14. The main text suggests a switch to the footnotes for some thoughts on the origins of the Animals track, Baby Let Me Take You Home. I have commented elsewhere that although the popular assumption is that this production was a variant on the Eric Von Schmidt arranged Baby Let Me Follow You Down, which number appeared on the first Dylan album, it’s actually more likely to have come from the obscure US soul singer Hoagy Lands’ single, Baby Let Me Hold Your Hand which was produced by Bert Berns and released right at the start of ’64. However the full story could be even more complex. Berns had also produced a version of Baby Let Me Take You Home by a group called the Mustangs, which consisted largely of himself (and Animals fans please note that intro which just has to be from Bert’s 12 string guitar). In the book “Changing Times: Music And Politics In 1964”, writer Steve Millward attributes the Animals record to the Berns/Mustangs source and comments further: “However it (“it” being the Mustangs’ Baby Let Me Take You Home) actually dates back to at least 1957, as “Baby Let Me Hold Your Hand” by Professor Longhair with subsequent variants by Snooks Eaglin in 1958 and Bob Dylan three years later.”

Pause for breath and a new paragraph. Wikipedia states, and I have no reason to disbelieve the writer, that the earliest known version of Von Schmidt’s Baby Let Me Follow You Down is (Baby) Don’t Tear My Clothes which was recorded by the State Street Boys, a group which included Jazz Gillum and Big Bill Broonzy, in 1935. The melody is the same and a “baby” appears on the first line prior to the title and that same “baby” also appears on several later versions by Broonzy himself, Lightnin’ Hopkins and others. However, I would suggest that Longhair assumed the number was traditional and happily put his name on it; Bert did the same thing several years later. It’s also worthy of comment that the Longhair version is the first rock/pop styling as opposed to earlier versions which appeared in varying shades of blues, folk or ragtime. As such it’s something that Bert Berns could well have heard and registered.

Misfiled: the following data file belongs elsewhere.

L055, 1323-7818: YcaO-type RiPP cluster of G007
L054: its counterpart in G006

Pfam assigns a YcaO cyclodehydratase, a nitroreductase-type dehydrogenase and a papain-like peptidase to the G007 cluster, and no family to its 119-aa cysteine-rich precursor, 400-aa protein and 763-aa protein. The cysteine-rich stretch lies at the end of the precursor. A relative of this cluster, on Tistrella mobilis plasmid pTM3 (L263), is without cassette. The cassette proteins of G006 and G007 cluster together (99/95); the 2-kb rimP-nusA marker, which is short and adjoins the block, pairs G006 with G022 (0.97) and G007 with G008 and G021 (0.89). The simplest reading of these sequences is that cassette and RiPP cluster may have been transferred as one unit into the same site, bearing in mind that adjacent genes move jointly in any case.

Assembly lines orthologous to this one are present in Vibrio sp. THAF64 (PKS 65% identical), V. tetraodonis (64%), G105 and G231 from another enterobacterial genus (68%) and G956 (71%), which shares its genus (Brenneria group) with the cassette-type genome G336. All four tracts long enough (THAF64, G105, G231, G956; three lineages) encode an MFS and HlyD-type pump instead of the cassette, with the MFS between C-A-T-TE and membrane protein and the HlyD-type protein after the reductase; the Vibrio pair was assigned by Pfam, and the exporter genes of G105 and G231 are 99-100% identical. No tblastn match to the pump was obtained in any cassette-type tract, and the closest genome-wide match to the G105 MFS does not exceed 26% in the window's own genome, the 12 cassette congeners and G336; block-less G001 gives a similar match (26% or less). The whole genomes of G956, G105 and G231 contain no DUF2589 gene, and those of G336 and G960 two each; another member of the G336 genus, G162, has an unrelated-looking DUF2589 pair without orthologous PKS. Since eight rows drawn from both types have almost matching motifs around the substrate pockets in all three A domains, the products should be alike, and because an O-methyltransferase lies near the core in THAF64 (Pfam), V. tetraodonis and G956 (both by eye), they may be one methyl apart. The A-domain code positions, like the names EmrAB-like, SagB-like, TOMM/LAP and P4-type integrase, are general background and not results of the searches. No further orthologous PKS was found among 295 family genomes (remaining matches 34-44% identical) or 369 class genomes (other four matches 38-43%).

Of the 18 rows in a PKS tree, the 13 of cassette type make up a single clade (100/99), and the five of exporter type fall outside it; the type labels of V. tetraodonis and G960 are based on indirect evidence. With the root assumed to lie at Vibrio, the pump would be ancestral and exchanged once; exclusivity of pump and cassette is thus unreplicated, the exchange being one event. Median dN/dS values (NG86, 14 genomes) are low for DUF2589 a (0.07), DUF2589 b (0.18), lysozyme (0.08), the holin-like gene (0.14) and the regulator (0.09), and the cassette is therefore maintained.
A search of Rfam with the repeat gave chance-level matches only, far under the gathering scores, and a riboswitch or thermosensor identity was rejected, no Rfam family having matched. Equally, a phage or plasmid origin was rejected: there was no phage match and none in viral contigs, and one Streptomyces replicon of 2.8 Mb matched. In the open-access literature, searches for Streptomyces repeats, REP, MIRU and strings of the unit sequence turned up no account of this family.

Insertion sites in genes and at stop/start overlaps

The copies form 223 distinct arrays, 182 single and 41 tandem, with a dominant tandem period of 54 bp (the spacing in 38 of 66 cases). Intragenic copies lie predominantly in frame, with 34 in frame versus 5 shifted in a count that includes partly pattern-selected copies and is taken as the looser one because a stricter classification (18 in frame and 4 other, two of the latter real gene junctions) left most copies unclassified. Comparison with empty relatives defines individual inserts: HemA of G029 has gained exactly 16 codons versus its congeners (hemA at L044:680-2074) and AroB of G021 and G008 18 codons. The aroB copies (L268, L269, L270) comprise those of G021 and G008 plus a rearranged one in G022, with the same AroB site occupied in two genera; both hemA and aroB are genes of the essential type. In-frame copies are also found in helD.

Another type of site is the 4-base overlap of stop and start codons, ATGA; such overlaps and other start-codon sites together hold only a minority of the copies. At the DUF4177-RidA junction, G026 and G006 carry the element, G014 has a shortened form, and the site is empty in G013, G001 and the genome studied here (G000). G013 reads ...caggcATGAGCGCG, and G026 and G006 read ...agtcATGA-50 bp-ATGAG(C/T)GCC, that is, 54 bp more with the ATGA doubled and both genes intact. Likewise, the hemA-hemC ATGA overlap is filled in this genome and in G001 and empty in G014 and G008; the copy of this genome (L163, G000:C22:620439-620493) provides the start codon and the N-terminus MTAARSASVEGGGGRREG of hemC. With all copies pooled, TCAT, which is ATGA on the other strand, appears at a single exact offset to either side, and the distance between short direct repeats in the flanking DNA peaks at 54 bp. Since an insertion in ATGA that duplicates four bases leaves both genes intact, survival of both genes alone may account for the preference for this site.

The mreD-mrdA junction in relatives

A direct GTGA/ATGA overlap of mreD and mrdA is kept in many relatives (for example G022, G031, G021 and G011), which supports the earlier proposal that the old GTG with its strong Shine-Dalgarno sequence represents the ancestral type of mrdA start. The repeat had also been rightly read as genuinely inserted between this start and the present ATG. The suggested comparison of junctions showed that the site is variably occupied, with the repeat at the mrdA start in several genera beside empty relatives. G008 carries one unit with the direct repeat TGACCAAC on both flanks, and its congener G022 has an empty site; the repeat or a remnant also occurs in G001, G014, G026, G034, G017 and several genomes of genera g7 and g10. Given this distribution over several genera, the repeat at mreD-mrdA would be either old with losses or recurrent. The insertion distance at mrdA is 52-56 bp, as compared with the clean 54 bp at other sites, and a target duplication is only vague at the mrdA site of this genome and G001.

That was quite a lengthy mini-essay but I felt it was of interest since Baby Let Me Hold Your Hand was one of very few tracks released, but not written by, Longhair up until that date; I could only find one other and that was Hadacol Bounce on Mercury with composer listed as ‘Nettles’ (of Bill Nettles and His Dixie Blue Boys).